How Did Pimlico Race Course Get Its Name?
Pimlico Race Course, as it is officially called, received its name from the northwest section of Baltimore, where it was built. This area was originally settled by immigrants from London, who named the area for a fashionable section of London Town located within the smaller city of New Westminster. More precisely, there was a prominent man in this section of London named Ben Pimlico, and he ran a popular drinking establishment called Olde Ben Pimlico's Tavern. Olde Ben must've been quite a colorful character, for he is survived by a section of London and a well-known American racetrack that now bear his name.
The History of the Pimlico Track
The Pimlico Race Course is the second-oldest horse racing track in the country, exceeded only by Saratoga in upstate New York. The Pimlico track opened in 1870, at first hosting only a few races a year, but quickly grew as Baltimoreans took a liking to the well-planned racing venue. Instrumental in the creation of Pimlico was the Maryland Jockey Club, which raised the money to buy the land and put up the facilities for the clubhouse, stands, and track.
Originally formed in 1743 in Annapolis to encourage horse racing in the Maryland Colony, the Jockey Club gave way to the Pimlico group once the track was opened. Since then, Pimlico has been the sole operator of the race track, while the Jockey Club continues in its efforts to support horse racing. By the way, not all members of this club came from Maryland—both George Washington and Andrew Jackson were members of the Maryland Jockey Club.
The 1910 Betting Ban
In 1910, several years before Prohibition was enacted, the United States went through an anti-betting frenzy during which all but three states disallowed any form of legal betting or gambling. In those three states—Maryland, Kentucky, and New York—only betting on horseracing was allowed.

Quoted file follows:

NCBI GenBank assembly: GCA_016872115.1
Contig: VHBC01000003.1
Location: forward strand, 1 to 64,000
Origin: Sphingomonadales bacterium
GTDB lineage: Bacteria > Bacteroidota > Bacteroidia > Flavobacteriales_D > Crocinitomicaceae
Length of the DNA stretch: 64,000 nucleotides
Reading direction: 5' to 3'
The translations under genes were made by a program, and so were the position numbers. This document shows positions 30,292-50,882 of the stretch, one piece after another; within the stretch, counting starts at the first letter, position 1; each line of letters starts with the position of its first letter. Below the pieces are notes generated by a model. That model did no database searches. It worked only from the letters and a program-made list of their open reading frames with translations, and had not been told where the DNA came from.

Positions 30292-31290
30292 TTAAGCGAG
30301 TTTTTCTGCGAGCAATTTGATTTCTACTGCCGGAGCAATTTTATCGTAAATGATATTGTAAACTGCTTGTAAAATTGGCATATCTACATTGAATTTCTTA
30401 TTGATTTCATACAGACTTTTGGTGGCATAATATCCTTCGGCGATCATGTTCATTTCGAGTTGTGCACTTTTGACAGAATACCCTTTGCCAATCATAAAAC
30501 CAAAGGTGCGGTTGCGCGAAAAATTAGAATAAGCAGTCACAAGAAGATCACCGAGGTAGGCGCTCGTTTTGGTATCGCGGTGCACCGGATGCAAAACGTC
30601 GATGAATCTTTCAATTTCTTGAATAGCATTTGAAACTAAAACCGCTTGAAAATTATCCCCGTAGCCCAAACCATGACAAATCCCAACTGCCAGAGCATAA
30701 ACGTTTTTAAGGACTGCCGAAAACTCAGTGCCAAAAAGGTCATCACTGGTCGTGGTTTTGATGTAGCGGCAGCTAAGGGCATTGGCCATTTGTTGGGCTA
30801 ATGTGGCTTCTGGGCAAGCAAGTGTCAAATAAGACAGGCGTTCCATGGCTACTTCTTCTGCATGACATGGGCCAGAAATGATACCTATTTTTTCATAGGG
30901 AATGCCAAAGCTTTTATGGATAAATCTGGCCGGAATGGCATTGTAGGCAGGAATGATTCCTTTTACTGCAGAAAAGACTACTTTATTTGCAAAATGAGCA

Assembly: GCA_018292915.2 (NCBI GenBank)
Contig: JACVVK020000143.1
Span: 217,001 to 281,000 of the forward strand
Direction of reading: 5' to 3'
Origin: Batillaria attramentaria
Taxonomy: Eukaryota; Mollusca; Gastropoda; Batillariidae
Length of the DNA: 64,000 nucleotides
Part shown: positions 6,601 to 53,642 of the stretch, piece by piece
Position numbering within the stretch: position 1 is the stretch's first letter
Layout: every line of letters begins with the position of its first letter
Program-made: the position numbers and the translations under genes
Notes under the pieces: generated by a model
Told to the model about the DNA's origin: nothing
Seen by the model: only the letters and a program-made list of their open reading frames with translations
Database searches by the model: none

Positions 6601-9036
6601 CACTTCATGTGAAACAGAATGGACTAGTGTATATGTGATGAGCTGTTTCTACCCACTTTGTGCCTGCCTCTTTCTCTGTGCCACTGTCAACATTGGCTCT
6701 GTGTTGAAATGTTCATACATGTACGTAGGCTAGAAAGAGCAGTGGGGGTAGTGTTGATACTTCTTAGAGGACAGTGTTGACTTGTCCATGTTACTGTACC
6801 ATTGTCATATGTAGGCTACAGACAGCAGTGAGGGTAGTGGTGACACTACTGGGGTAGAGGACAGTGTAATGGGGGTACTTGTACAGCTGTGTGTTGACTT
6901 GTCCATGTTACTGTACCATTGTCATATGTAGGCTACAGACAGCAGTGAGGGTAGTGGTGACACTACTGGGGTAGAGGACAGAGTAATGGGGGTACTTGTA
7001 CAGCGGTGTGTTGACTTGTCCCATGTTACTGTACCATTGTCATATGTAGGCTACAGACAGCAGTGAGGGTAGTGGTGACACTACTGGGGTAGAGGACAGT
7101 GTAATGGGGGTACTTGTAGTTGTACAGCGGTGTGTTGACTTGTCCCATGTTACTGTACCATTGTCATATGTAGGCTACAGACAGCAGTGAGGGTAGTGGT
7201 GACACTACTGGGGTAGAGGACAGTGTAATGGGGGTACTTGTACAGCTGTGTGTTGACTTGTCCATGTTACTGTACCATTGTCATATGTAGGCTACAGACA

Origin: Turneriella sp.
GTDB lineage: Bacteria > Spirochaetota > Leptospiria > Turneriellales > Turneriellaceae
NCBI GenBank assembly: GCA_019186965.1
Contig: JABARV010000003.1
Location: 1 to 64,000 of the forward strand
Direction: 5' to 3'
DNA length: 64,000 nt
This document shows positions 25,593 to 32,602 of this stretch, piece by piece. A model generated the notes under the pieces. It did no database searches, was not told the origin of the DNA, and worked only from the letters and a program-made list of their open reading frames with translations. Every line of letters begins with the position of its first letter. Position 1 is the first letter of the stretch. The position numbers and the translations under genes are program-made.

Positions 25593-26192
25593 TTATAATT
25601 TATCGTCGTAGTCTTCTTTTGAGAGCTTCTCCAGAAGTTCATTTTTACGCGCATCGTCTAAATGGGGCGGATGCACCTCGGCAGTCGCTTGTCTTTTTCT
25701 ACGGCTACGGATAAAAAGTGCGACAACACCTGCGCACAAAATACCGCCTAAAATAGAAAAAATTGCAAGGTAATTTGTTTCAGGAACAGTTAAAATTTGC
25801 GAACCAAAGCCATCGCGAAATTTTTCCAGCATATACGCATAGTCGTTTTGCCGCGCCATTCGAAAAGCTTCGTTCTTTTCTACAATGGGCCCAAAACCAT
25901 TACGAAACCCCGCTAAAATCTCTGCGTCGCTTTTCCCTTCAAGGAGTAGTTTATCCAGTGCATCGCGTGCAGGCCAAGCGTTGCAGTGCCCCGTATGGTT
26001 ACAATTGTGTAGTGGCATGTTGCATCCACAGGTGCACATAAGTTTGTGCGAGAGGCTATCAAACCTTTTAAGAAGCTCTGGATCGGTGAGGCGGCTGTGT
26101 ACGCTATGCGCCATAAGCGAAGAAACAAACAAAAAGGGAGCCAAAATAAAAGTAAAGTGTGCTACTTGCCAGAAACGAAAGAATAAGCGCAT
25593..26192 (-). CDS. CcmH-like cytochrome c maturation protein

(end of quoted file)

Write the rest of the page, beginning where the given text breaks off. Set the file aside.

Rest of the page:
Thus, not only did the Triple Crown hosts survive the anti-gambling movement, but they also created the reservoir from which gambling interests grew after the Prohibition and the anti-gambling wave had run its course. At Pimlico, placing money on horses survived primarily because para-mutual was introduced as a way to circumvent the new laws.
Cross-Country Races for Horses
Maryland steeplechase racing is important to the Pimlico Race Course because, in the early years of the 20th century when track racing was under attack, a few members of the steeplechase community joined the Maryland Jockey Club and lent their much-needed support to the besieged racing industry.
Steeplechasing continues today in Maryland, and though it doesn't draw the large crowds that the Preakness does, many fans still make the outdoor journey to enjoy a spring afternoon in the countryside. Currently, steeplechase horseraces take place from March through November in a handful of Atlantic states stretching from Georgia to Upstate New York.
For those not familiar with a steeplechase, the race consists of a cross-country route that traverses grassy pastures interrupted by a half-dozen or so jumps. In the three Maryland races—My Lady's Manor, The Maryland Grand National, and the Hunt Cup—the jumping obstacles are actual timber fences. Despite their brevity, these outdoor events attract many spectators, who are more than happy to tote a blanket and picnic lunch to the racing site.
The Preakness Stakes
Today, the Preakness Stakes is the second leg of the Triple Crown. The name for the race can be traced back to 1870, when the first race, called the Dinner Party Stakes, was run at the newly-constructed Pimlico Race Course. This race was limited to colts and was won by a young horse from New Jersey named Preakness.
The first Preakness Stakes was not actually run until 1873, at which time the race was limited to three-year-olds, a tradition which has continued to this day.
© 2018 Harry Nielsen